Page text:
As if invasive plants and unpredictable weather aren’t terrible enough, gardeners also have to deal with pests, and no gardener wants these bothersome insects wreaking havoc on a bed full of fruiting harvest. Understanding which insects are hugely beneficial to plants or animals (the good), which are just baffling natural wonders (the strange), and which are detrimental to the plants we take care of (the bad) is necessary for controlling insects in the vegetable garden and household.
Only two percent of the approximately one million recognized insect species on the planet are dangerous to animals or plants. But what precisely are the dangerous critters lurking beneath your leaves? This article will uncover dangerous insects found on leaves, how to get rid of them, and other interesting facts.
Dangerous Critters Lurking Beneath Your Leaves
1. Flea Beetle
Flea beetles are little, black, droplet-sized insects that enjoy munching on the leaves of their favorite snack, eggplant, and other greens like spinach and lettuce. They can be found all over North America, and cling to most vegetable crops. Larvae eat plant roots, while adults chow down leaves and stems, mostly harming young plants. In hot, dry weather, the numbers of this insect soar. Using insecticidal soaps, floating row covers and diatomaceous earth are examples of non-chemical control methods.
Aphids are extremely harmful pests. They gather in great numbers in the spring and summer to ruin your garden. They stick to leaves as they journey into vegetable gardens, suck on plant sap with their needle-like mouth, and produce honeydew, a sweet substance. This honeydew causes underdeveloped plant growth, withering, malnutrition, and death by dispersing dangerous plant-borne illnesses such as sooty mold.
These critters start their reproductive cycle’s next phase in the fall, concealed underneath the leaves to survive the winter and lay their eggs on or beneath the leaf tissues. Your gutters, leaf piles, and front yard may become overrun with these soft-bodied pests as leaves fall in large quantities. Applying pesticides vigorously throughout fall cleaning is your best bet for stopping them in the spring. Sprinkle an insecticide, insecticidal soap, or neem oil on your low-hanging bushes and trees early in the season.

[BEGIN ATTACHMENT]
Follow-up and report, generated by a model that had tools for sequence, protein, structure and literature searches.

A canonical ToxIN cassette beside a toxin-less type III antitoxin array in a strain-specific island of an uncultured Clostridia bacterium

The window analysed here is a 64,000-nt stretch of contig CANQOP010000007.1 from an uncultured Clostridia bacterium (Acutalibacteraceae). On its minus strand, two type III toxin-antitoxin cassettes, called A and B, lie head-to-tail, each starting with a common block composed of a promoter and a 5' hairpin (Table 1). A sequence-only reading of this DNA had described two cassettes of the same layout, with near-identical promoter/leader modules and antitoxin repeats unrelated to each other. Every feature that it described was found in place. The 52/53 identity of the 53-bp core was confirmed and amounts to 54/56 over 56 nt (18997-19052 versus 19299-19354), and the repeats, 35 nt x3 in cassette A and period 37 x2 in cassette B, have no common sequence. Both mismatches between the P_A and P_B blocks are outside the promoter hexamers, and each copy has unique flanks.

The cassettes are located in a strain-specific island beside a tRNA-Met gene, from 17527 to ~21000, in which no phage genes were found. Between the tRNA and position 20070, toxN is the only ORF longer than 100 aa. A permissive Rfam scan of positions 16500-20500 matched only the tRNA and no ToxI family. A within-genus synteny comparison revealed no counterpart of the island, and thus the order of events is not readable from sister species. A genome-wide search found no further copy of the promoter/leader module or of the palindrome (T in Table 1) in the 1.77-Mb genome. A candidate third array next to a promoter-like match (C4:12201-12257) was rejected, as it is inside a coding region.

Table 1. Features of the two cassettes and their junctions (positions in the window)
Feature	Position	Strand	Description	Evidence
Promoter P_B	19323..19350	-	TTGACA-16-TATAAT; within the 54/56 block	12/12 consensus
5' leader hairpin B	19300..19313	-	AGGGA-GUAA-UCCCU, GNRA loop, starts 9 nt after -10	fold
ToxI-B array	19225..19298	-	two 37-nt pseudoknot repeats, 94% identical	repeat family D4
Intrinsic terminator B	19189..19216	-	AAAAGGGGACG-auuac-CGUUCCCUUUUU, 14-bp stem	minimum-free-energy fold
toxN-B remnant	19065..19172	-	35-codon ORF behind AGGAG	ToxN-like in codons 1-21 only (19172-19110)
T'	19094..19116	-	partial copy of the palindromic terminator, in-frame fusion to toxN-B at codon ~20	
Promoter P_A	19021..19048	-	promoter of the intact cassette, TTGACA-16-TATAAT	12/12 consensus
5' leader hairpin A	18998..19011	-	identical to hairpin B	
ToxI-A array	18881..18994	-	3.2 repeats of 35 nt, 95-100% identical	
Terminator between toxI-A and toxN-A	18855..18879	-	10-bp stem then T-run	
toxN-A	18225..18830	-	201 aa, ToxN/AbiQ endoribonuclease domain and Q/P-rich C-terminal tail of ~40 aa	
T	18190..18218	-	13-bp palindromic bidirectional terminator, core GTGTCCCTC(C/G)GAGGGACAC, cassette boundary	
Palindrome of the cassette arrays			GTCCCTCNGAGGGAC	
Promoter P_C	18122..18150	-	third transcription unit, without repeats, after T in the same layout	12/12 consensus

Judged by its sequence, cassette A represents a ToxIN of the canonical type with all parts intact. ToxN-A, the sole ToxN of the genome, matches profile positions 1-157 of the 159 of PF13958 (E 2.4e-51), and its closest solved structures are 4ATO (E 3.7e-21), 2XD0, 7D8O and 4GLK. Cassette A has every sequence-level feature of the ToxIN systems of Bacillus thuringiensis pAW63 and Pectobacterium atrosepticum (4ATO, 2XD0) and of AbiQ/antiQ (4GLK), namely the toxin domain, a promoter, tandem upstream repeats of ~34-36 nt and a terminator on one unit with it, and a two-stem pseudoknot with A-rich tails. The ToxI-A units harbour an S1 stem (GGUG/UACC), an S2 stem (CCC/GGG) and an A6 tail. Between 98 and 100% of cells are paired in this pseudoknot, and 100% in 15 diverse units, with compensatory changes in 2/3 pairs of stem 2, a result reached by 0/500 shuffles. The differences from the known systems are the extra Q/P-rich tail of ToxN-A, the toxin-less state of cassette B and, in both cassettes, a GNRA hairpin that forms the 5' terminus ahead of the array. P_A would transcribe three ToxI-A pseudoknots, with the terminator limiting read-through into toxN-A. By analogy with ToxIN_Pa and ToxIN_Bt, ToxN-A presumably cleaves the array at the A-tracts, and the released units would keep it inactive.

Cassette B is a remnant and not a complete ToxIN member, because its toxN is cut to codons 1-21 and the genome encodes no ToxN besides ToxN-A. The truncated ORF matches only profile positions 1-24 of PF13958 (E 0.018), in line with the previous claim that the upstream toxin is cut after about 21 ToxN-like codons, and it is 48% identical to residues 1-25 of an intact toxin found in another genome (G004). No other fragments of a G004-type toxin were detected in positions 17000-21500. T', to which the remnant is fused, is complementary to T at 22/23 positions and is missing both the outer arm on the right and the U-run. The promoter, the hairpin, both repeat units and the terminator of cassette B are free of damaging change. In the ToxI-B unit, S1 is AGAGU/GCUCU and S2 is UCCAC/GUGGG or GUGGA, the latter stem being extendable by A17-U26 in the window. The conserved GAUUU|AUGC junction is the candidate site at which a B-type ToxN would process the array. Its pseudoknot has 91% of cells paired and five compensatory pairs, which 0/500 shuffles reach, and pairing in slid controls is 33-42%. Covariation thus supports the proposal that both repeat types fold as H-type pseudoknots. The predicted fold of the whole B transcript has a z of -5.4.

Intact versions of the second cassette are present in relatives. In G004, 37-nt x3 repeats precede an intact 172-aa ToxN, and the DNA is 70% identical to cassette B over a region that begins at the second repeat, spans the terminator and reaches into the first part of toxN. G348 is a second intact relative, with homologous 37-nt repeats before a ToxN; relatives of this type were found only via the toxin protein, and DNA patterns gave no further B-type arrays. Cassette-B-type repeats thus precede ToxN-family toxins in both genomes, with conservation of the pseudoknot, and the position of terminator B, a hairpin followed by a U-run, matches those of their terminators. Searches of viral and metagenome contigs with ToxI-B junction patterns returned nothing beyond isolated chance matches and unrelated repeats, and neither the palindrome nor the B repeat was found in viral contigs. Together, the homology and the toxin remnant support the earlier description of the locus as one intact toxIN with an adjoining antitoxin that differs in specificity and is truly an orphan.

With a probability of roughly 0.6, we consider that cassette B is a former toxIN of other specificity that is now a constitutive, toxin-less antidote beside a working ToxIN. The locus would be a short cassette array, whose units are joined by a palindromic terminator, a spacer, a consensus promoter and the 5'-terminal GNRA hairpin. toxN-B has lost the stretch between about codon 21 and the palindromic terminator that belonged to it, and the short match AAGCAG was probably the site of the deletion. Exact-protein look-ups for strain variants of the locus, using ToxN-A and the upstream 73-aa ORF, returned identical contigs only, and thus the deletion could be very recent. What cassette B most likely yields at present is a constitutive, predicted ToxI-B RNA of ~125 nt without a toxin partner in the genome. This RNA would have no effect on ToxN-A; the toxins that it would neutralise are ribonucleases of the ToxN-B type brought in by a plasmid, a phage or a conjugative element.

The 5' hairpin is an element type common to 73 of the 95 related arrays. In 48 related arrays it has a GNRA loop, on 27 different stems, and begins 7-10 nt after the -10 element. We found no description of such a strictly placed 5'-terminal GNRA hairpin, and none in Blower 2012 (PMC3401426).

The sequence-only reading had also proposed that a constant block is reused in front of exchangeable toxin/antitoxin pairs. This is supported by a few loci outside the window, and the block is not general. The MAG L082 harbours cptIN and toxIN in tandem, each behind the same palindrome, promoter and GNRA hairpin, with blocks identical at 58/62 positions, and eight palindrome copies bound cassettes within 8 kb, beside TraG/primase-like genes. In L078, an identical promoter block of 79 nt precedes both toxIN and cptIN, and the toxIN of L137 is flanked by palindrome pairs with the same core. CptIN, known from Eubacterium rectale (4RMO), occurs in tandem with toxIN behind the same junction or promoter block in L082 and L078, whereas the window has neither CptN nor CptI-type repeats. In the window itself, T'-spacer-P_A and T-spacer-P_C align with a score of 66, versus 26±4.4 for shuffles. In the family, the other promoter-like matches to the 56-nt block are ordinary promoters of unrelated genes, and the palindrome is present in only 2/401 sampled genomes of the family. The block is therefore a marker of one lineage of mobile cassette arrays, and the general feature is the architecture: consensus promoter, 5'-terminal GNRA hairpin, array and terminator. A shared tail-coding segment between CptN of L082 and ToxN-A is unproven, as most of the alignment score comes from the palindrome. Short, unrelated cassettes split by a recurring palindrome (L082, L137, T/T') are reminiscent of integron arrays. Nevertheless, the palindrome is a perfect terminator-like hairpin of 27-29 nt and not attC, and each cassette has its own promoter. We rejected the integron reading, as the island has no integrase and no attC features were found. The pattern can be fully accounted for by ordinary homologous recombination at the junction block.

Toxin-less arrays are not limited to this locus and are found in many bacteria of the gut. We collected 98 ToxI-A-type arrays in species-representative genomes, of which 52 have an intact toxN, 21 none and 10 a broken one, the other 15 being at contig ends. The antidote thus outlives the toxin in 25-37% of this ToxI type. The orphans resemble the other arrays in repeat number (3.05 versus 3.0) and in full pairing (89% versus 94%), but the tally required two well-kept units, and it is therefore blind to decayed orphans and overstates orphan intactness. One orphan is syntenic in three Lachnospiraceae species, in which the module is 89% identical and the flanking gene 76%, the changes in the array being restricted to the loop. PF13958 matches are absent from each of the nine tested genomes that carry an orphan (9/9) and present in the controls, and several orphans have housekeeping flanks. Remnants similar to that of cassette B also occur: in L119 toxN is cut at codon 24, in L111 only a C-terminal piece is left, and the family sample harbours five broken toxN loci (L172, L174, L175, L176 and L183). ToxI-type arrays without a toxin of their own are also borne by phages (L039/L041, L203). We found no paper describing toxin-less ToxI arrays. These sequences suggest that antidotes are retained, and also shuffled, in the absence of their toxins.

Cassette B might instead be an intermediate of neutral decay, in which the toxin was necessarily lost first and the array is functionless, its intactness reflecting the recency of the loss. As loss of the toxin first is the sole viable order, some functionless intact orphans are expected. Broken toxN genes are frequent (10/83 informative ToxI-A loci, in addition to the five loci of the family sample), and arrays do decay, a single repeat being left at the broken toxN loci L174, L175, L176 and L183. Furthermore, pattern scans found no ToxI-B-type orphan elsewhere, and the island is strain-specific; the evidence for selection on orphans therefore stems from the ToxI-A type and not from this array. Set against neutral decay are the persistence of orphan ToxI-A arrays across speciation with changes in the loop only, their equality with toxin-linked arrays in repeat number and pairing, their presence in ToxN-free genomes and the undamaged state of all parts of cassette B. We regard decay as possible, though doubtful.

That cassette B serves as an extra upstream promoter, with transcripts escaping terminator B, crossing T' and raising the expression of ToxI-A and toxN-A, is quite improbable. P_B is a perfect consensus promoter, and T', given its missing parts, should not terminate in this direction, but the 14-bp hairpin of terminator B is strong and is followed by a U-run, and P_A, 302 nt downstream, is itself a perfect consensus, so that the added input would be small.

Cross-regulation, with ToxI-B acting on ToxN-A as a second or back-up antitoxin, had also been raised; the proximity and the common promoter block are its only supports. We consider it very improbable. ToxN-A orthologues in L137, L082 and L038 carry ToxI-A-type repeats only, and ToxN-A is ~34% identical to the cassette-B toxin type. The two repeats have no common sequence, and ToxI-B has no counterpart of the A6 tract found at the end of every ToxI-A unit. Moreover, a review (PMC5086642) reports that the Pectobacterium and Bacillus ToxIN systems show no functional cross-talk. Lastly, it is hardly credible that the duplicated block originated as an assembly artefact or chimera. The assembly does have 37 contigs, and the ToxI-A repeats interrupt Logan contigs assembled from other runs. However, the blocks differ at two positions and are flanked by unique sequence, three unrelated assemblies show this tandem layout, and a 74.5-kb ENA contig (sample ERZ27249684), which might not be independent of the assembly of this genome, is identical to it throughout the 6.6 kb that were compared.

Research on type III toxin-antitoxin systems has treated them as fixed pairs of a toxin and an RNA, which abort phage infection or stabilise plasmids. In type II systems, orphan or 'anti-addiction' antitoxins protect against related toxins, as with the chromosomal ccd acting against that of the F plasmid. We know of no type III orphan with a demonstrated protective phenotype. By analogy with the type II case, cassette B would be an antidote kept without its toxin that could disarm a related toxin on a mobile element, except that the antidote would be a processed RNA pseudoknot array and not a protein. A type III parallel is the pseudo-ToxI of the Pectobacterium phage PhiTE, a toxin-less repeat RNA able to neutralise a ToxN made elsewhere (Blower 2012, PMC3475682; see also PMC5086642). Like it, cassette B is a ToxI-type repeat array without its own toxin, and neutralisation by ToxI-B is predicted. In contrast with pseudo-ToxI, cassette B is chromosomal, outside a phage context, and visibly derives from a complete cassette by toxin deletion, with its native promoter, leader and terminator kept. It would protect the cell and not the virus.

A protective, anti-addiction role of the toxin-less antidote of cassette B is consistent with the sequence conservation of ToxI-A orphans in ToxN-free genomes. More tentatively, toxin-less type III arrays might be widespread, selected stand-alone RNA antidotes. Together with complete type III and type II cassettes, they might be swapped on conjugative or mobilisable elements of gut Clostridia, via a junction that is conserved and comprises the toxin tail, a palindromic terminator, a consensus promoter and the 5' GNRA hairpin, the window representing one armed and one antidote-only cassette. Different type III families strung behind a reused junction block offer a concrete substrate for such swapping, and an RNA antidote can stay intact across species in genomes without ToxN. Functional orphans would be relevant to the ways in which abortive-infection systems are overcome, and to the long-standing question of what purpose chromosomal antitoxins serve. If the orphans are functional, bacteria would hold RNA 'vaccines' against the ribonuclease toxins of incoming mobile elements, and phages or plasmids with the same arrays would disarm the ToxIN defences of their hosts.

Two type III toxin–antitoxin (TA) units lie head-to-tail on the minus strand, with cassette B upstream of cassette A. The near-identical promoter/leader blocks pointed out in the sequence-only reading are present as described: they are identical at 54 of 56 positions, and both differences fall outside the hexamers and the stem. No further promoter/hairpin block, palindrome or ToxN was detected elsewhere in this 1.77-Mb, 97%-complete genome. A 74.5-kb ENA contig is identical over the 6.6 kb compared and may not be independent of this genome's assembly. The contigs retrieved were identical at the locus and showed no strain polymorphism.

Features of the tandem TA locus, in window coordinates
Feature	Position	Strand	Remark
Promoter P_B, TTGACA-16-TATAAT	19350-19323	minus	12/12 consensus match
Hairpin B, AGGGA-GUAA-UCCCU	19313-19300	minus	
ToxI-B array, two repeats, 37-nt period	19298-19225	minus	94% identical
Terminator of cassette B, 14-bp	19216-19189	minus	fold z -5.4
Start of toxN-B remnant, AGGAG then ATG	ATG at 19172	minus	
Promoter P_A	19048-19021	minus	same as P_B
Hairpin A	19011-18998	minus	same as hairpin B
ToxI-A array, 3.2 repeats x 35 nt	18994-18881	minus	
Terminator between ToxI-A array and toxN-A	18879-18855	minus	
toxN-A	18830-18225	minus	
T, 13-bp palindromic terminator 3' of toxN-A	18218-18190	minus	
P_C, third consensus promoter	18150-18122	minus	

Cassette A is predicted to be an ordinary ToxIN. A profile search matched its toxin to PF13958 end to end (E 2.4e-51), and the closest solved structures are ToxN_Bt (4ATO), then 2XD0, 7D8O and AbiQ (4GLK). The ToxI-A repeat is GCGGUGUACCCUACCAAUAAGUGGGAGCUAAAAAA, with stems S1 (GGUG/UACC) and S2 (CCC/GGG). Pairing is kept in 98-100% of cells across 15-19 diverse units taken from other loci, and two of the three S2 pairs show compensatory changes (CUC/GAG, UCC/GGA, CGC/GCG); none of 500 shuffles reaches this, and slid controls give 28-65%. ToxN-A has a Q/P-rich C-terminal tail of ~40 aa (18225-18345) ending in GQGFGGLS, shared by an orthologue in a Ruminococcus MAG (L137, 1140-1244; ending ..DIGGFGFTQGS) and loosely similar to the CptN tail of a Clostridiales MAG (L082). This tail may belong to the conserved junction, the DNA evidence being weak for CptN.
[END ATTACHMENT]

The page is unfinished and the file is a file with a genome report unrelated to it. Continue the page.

Some moth larvae are known as cutworms. They are fragmented, 1-inch-long, fatty larvae most active during the night. These critters stay hidden beneath leaves or other plant residues before emerging to lay copious amounts of eggs on plants. They consume almost everything in their track, frequently slicing through ground-level stems of developing plants.
Take out plant debris to keep these pests under control. You can use your hand to remove the insects in the late afternoon or early evening. Use carton collars or grittier materials like coffee grounds, diatomaceous earth, or eggshells to create obstacles. Additionally, make your garden a destination for birds.
Slugs, land-dwelling mollusks, can become pests in greenhouses when there’s high humidity. They are more frequent in rainy days, despite being common in humid, moist climates. Most of their feeding occurs at night when they hide in shaded areas. Slugs gnaw on roots, stems, flowers, and leaves, leaving holes in the leaves or scars on the leaf surface. Small seedlings are particularly at risk from these creatures, and the presence of slugs is indicated by silvery slime trails.